Responses of Cotton Leaf Water Potential and Transpiration to Vapor Pressure Deficit and Salinity under Arid and Humid Climate Conditions

Y. Guo, J. A. Landivar, J. C. Henggeler, J. Moore


Low humidity combined with salinity may cause severe crop water stress in arid regions. High humidity causes low transpiration thus high leaf temperature in humid regions. Understanding of crop water response to environmental conditions is important for efficient management of water use and crop growth. The objectives of this study are to determine (1) the effect of vapor pressure deficit on leaf water potential, transpiration and leaf temperature; (2) the effect of salinity on osmotic adjustment, stomatal control and root resistance. Both field experiments and model simulations were conducted. Field experiments with different water treatments were conducted at a humid (Corpus Christi) and an arid (Pecos) area in Texas during 1993 growing season. Leaf water potentials in the arid area were much lower than in the humid area. The minimum leaf water potential was -28 bars at Pecos and -20 bars at Corpus Christi. No significant difference in leaf water potential were found in the middle of the day between the high and low water treatments at Pecos, while there were remarkable differences between irrigated and dryland at Corpus Christi. Predawn leaf water potential at Pecos, however, showed soil moisture difference between the treatments, while it did not show the difference at Corpus Christi. At Pecos, leaves were still turgid and transpiring at -28 bars leaf water potential, while at Corpus Christi, leaves started wilting and reducing transpiration significantly at -20 bars. Transpiration rates at Corpus Christi responded to soil moisture treatments significantly, while less response was shown at Pecos. Plant size and yield were lower in Pecos than in Corpus Christi. These results may be explained by vapor pressure deficit and salinity. A crop simulation model (ICEMM) was used to perform a sensitivity analysis of parameters controlling plant water relation. The simulated results clearly show that under arid conditions, high vapor pressure deficit results in low leaf water potential. Osmotic adjustment induced by salinity maintains plant turgor under low leaf water potential conditions. Increases in stomatal resistance and root resistance from salinity reduce transpiration rate and inhibit CO2 exchange, thus decreasing plant growth rate. In comparison, under humid conditions, lower vapor pressure deficit results in lower transpiration rate, higher leaf water potential and higher leaf temperature. Higher leaf water potential maintains stomata open and increases CO(2 )exchange rate. Leaf turgidity in humid regions results in a higher growth rate than in arid regions. In arid regions, high vapor pressure deficit and high hydraulic resistances induced by salinity result in low leaf water potential during the daytime regardless of soil moisture. Management practices aimed at maintaining soil moisture at a higher levels at night may be effective in maintaining leaf turgor for cell elongation. In contrast, in humid regions, vapor pressure deficit does not have as much influence on plant water status. Soil moisture, however, determines leaf water potential, transpiration and photosynthetic rate. Maintaining soil moisture availability to plants is essential for reducing water stress and heat stress.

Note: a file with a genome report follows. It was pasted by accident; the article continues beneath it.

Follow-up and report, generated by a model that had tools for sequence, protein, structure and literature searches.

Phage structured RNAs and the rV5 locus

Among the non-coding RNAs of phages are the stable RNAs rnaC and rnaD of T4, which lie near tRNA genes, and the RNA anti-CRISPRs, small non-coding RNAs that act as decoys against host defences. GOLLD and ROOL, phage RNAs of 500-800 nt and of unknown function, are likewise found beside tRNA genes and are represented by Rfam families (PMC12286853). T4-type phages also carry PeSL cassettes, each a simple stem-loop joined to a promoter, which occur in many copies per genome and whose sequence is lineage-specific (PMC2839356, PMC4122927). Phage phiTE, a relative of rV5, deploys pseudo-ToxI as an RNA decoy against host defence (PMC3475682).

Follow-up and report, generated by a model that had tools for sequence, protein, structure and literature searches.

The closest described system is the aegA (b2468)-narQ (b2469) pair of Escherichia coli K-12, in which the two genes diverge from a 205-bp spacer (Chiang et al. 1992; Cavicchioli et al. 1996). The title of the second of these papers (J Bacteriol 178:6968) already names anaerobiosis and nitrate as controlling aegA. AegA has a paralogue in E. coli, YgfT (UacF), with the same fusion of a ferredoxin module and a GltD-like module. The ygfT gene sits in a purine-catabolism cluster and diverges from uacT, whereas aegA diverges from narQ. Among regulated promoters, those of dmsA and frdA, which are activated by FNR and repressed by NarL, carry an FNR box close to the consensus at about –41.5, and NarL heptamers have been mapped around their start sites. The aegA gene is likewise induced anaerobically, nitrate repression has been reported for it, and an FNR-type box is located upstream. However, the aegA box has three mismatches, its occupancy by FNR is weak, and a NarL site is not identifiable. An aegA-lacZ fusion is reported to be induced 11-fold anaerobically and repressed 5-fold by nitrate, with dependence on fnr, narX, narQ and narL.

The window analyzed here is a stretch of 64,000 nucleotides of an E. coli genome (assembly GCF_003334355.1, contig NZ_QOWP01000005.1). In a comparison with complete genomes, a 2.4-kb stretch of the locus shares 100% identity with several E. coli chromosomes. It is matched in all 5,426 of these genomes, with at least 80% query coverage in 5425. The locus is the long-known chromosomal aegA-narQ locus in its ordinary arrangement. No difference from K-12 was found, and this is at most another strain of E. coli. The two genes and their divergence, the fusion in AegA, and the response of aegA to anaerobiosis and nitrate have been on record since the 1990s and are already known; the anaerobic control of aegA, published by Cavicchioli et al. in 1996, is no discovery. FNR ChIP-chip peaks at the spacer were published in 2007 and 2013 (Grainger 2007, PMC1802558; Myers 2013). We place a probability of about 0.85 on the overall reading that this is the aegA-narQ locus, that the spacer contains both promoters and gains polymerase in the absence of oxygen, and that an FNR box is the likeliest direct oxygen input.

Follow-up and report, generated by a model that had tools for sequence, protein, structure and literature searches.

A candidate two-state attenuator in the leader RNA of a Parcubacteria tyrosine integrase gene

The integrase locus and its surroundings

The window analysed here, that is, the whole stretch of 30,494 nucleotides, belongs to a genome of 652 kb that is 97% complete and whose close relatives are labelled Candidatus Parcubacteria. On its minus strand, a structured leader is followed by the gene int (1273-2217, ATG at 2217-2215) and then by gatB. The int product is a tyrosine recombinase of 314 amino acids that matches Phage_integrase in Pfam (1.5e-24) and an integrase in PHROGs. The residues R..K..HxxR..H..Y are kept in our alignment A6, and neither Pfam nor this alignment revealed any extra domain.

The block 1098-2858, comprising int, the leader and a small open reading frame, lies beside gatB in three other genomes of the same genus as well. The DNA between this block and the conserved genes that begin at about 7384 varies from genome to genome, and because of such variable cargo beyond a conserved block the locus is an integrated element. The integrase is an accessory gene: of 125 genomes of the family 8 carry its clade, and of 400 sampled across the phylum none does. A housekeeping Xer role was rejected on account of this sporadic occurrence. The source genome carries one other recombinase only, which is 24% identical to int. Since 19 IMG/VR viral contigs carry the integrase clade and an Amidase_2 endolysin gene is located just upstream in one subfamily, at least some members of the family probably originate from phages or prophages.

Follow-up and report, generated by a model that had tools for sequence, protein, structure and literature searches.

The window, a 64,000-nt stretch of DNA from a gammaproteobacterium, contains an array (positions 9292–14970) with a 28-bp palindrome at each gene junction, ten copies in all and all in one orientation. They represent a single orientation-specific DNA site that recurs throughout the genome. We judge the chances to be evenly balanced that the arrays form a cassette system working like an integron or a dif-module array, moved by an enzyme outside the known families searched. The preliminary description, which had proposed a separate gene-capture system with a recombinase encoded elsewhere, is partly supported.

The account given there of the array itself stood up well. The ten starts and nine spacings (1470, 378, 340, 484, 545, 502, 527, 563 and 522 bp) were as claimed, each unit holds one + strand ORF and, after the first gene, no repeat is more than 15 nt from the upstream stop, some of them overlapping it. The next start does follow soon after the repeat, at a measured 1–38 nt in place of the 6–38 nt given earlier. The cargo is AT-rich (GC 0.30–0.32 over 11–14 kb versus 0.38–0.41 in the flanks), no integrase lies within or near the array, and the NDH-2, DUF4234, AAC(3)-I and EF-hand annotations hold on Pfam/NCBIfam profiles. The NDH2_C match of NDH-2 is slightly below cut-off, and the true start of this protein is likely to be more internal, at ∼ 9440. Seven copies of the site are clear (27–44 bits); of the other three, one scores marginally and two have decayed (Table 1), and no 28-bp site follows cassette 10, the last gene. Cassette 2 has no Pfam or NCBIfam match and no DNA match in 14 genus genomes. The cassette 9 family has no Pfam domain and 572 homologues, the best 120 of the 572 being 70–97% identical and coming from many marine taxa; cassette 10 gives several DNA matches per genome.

Reprinted from Proceedings of the 1994 Beltwide Cotton Conferences pp. 1301 - 1308
©National Cotton Council, Memphis TN

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Document last modified Sunday, Dec 6 1998